Far from the madding crowd

Feature Far from the ma

womens courtyard 248.88 (photo credit: )
womens courtyard 248.88
(photo credit: )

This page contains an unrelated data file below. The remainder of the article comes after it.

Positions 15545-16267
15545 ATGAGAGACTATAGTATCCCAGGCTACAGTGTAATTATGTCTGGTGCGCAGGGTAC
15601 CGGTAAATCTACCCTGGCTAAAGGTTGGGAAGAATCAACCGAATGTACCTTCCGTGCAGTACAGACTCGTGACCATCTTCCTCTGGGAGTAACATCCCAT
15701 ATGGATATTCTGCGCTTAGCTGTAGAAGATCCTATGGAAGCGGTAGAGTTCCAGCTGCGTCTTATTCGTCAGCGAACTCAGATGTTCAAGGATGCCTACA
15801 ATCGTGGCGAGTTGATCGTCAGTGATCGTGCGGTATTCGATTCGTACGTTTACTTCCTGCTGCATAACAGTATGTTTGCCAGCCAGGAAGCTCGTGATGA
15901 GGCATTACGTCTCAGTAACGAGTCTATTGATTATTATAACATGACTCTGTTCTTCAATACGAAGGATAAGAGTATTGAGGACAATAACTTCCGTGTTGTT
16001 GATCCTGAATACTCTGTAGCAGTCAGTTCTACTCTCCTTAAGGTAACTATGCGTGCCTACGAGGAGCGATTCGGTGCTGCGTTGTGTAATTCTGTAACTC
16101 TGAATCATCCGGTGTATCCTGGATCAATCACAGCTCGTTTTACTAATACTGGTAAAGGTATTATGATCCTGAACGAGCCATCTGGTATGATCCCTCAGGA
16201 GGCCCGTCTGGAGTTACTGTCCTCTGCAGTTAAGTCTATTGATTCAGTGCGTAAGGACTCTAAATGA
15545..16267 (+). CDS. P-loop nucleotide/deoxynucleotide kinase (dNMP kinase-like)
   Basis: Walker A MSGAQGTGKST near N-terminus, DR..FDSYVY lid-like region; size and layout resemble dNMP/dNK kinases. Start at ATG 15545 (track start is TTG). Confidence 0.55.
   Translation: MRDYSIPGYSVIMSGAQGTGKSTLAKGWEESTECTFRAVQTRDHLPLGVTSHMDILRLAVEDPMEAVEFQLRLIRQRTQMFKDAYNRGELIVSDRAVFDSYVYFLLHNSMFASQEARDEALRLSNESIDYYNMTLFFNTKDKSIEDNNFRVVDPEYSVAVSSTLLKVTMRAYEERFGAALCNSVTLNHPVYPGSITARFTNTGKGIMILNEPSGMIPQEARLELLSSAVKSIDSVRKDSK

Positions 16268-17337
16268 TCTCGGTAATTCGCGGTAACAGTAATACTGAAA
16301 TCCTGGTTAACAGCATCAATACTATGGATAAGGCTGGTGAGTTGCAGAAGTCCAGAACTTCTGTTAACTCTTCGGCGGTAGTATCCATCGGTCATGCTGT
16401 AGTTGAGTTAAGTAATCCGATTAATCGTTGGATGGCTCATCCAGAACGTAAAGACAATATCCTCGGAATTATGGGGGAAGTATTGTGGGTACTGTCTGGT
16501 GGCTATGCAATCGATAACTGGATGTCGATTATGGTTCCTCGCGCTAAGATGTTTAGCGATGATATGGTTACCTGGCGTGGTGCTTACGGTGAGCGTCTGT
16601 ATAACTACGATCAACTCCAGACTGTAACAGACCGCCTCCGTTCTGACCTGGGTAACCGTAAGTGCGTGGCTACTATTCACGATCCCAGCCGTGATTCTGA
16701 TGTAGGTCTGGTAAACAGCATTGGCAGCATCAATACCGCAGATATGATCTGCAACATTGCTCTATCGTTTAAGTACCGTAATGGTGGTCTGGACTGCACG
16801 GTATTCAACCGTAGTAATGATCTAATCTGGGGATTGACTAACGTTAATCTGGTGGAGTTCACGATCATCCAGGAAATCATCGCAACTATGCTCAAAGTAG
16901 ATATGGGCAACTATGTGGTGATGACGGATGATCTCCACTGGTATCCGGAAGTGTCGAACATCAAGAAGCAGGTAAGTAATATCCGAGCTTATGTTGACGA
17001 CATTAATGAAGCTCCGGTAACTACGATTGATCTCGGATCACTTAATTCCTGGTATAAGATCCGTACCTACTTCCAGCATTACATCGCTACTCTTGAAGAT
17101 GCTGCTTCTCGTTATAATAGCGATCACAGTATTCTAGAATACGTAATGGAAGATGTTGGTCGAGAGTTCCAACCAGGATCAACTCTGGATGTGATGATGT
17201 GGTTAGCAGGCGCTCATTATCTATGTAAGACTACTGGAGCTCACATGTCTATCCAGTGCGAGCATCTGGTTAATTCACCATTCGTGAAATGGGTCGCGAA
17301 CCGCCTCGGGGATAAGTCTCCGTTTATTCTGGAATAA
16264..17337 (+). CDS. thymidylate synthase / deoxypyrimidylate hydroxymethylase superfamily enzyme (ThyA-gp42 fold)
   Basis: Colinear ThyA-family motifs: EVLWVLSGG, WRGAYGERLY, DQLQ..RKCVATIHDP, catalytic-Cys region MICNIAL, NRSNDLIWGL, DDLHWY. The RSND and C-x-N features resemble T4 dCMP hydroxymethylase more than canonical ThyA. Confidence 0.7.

'First and foremost, the Women's Courtyard is a sanctuary: a space for young women in need, a place that they know will always be open to them," Mirit Sidi, who runs the Jaffa-based project for young women, tells me. It is a weekday afternoon, and we are sitting in the actual courtyard of the project's compound - a pleasant leafy arboretum tucked away behind a derelict building on the southern reaches of the city's Rehov Yefet. We are just meters away from the busy mid-afternoon traffic, but might as well be in a different world altogether. The courtyard exudes tranquility; from a nearby window, music drifts toward us from the compound's hairdressing salon, run weekly by stylists from the upscale chain Shuki Zikri. Beside us, a group of young women are clustered in a circle, talking, laughing, enjoying each other's company. It is a scene far removed from the gritty reality that begins once one crosses back over the threshold into the city. Despite extensive gentrification and rehabilitation of some areas, normality in Jaffa is far removed from the Bohemian charm that attracts tourists and visitors to the Old City. Its much-touted ethnic diversity diverts from the existential challenges its residents face. Unemployment is above the national average, educational attainment below. Drugs and petty crime are perennial issues. Women - particularly young women - are an invisible minority within an already marginalized community, traditional values and patriarchal mores inhibiting upward mobility and the chance to break an unremitting cycle of poverty and deprivation. Sidi sums up the challenges pithily: "The world took away the notion of choice for many of these young women a long time ago. It takes time for them to learn that one does indeed have choices." The Women's Courtyard was established with the aspiration of addressing issues of fragmentation and marginalization in the local community, helping young women to discover and explore options otherwise denied them. Its mission statement is to offer "a safe place and practical solutions for the vastly under-served population" through a synthesis of intensive individual care and group outreach work. Sidi, a social worker with a background in helping at-risk youth, founded the project with criminologist Leora Kessel in 2003, after noticing a lack of effective support mechanisms for young women in the city. "Jaffa can seem at times like an endless creator of need, and people in distress," Sidi explains. "The real problem, however, was that the standard support mechanisms were not best placed to help our target community." This target community is young women across Jaffa between the ages of 13 and 25; the project's clientele is representative of the ethnic diversity of the city itself - Jewish and Arab, sabra and immigrant. Sidi observes that municipal social work teams often lack the range and versatility necessary to engage with this group effectively. "The problem is that social workers simply do not have enough time and resources to engage with the individuals as individuals," she says. Beyond this, the rigidity of social work practice models means that the approach to clientele is often based on generic, even superficial, classifications. Gender also plays a significant role in the availability - or not - of welfare services. Sidi points out that there are comparatively few women-only institutions and projects across the country, and none in Jaffa; she also argues that social pressures tend to complicate matters further, even when these are available. "Girls and young women, on the whole, are less able to take advantage of official sources of help," she notes. As she expounds on this point, Nora, employed by the Courtyard as a mentor for the young women, weighs in with a compelling justification for the Courtyard's raison d'etre: "A girl can never be herself when there are guys around." Operationally, the Women's Courtyard works within a framework of three interconnected "pillar" projects, developed to maximize its effectiveness. The first, Open Space, is a forum for professional guidance, positive peer contact and reinforcement, and group support. The second, Active Employment, offers practical tools and guidance to those trying to ease themselves into work from economic dependency and hardship. The third is the Halfway Apartment, a sanctuary providing accommodation for women moving from family to independent living. While this structure is important, it perhaps does not reflect an unquantifiable aspect of the Courtyard's focus: the overarching intent of encouraging the young women - through their own actions - to become autonomous individuals. Sidi takes great care to explain that the Courtyard does not seek to provide tailor-made solutions; rather, and through its primary objective of providing a safe and reliable sanctuary, it aspires to encourage the women to take the lead in determining what is best for themselves. "We try to open up the possibilities of individual choice, something alien to many of the women before they came here," she explains. This focus does not come without its own challenges. Nora tells me that it can be difficult at times to refrain from direct intervention. But she argues that this is necessary if the project is to stay true to its remit, enabling the women to take the lead in changing their own realities. If not, she points out, the project runs the risk of substituting one set of restrictions for another. "Our real success is when a young person approaches us of their own volition and asks for help, or talks to a friend at the project about needing help," she says. "Our message is that we want to help, and that we will try to help when asked to do so." Trust is key to the Courtyard's relationship not just with the young women, but also with the wider community, essential to protecting its status without being perceived as a threat to the established order. It was crucial that the Courtyard not be labeled with pejorative associations that would discourage young women from visiting and their families from allowing them to participate. "It was important to avoid the image of a hangout for delinquents - without anything more besides. It wouldn't do us justice, and it wouldn't do our women justice, either," says Sidi. That the project is both accepted and appreciated in Jaffa - there are around 600 young women on its books, with 80 "active" participants at any given time - is partly the result of an inventive proposition: establishing a Shuki Zikri hair salon on the premises. "We met with [Shuki Zikri's brother and business manager] Mike, and explained what we were trying to do," Sidi recalls. "They have been extremely generous to us." At the small hair salon, open one day a week, the women can have their hair done and receive beauty supplies free of charge. This not only attracts women to the project, but also serves an important psychological function. "[Going to the hair salon] is pleasurable, but also contributes to building confidence and self-esteem," notes Sidi. Another area in which the women receive a boost is employment. Rakefet Lapid, responsible for recruiting potential employers to the Active Employment scheme, notes that many of even the most motivated of the young women struggle to find work, not just because of the depressed economic situation, but also because of ingrained presumptions and prejudice. She explains that a lot of energy is invested in recruiting "friendly" employers who are willing to take a chance and who do not allow themselves to be swayed by preconceptions of social and ethnic minorities. "One must remember that a lot happens in this country through the pathways of social networking," Lapid explains. "Many in Jaffa do not have a social network that can yield dividends in this aspect. What we try to do is to use our own connections and contacts to change their social network." While speaking with the women at the center, both patrons and employees, I realized that the staff hadn't trotted out statistics about the young women lifted out of poverty, placed in employment or sent into higher education; they didn't seem at all interested in playing the games of targets and figures, something that many of us have been socialized into expecting as benchmarks for success in projects such as this. But clearly it didn't matter. There was a genuine camaraderie among the women at the center, an almost tangible sense that things could be done, that possibilities could become fact. Do outsiders ever wonder about this comfortable inchoateness and the emphasis away from traditional criteria for success? Nora smiles. "We do not need pity, we do not need to be patronized. What we want is respect and love, because every person deserves respect," she says. "Admire us, for what we've been through and for what we hope to achieve."